Our identity, thoughts and decisions are built upon the memories we acquire throughout our life. I find it fascinating how biological processes are the basis for (and can alter) everything that we remember, how we behave and view the world! Therefore, my research interests include the neurobiology of memory and how it can be modified to help treat mental disorders, such as Post-Traumatic Stress Disorder (PTSD).
My PhD work focuses on how the regulation of the HPA-axis (the stress response system) affects fear and extinction memories, two memory types that form the basis for the development and treatment of PTSD. By working with rodents, we aim to provide proof-of-concept that HPA-axis dysfunction may be a potential biomarker for a personalized treatment for subset of PTSD patients. This work is supervised by Benno Roozendaal and Erno Hermans, and funded by ZonMW.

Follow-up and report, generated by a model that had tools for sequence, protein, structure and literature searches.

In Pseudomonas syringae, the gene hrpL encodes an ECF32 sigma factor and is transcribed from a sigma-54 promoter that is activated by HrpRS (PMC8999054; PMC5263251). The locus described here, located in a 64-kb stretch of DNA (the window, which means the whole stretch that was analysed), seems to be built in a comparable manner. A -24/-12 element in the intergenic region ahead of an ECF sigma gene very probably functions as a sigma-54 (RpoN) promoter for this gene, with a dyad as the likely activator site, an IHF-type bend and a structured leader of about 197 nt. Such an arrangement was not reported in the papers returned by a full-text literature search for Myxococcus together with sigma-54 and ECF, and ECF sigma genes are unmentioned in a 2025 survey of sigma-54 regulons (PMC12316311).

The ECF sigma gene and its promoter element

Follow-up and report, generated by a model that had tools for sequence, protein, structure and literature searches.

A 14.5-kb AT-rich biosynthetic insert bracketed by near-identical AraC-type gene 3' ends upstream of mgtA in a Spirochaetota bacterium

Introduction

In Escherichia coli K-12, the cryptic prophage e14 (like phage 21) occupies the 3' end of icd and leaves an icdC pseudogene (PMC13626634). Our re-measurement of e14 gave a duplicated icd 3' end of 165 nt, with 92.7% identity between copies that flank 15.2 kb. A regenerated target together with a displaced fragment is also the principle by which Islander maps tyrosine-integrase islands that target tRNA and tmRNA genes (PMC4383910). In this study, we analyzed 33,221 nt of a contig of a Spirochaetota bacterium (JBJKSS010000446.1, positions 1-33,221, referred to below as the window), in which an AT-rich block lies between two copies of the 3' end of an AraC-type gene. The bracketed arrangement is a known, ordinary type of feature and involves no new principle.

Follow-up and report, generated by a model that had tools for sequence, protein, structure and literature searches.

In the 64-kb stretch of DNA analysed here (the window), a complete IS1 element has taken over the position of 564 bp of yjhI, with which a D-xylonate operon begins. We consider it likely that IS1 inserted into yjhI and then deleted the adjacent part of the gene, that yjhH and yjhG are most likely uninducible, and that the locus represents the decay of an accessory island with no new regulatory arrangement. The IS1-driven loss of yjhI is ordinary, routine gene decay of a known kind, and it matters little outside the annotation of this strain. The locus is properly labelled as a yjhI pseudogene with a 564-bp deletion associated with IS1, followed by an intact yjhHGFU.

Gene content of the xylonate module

Before starting my PhD in Nijmegen, I studied at University of Coimbra (Portugal), where I got a Bachelor's in Biology and fell in love with the neuroscience of memory after a short exchange at University College Dublin (Ireland). Later I moved to the Netherlands, where I completed the Research Master in Cognitive and Clinical Neuroscience (Fundamental Neuroscience Track) at Maastricht University. For my master's thesis, I worked at the Sleep and Memory lab (supervised by Robbert Havekes) at the University of Groningen, where we studied how memory is disturbed by the lack of sleep.
During my free time, I like to practice rock climbing and read epic fantasy books!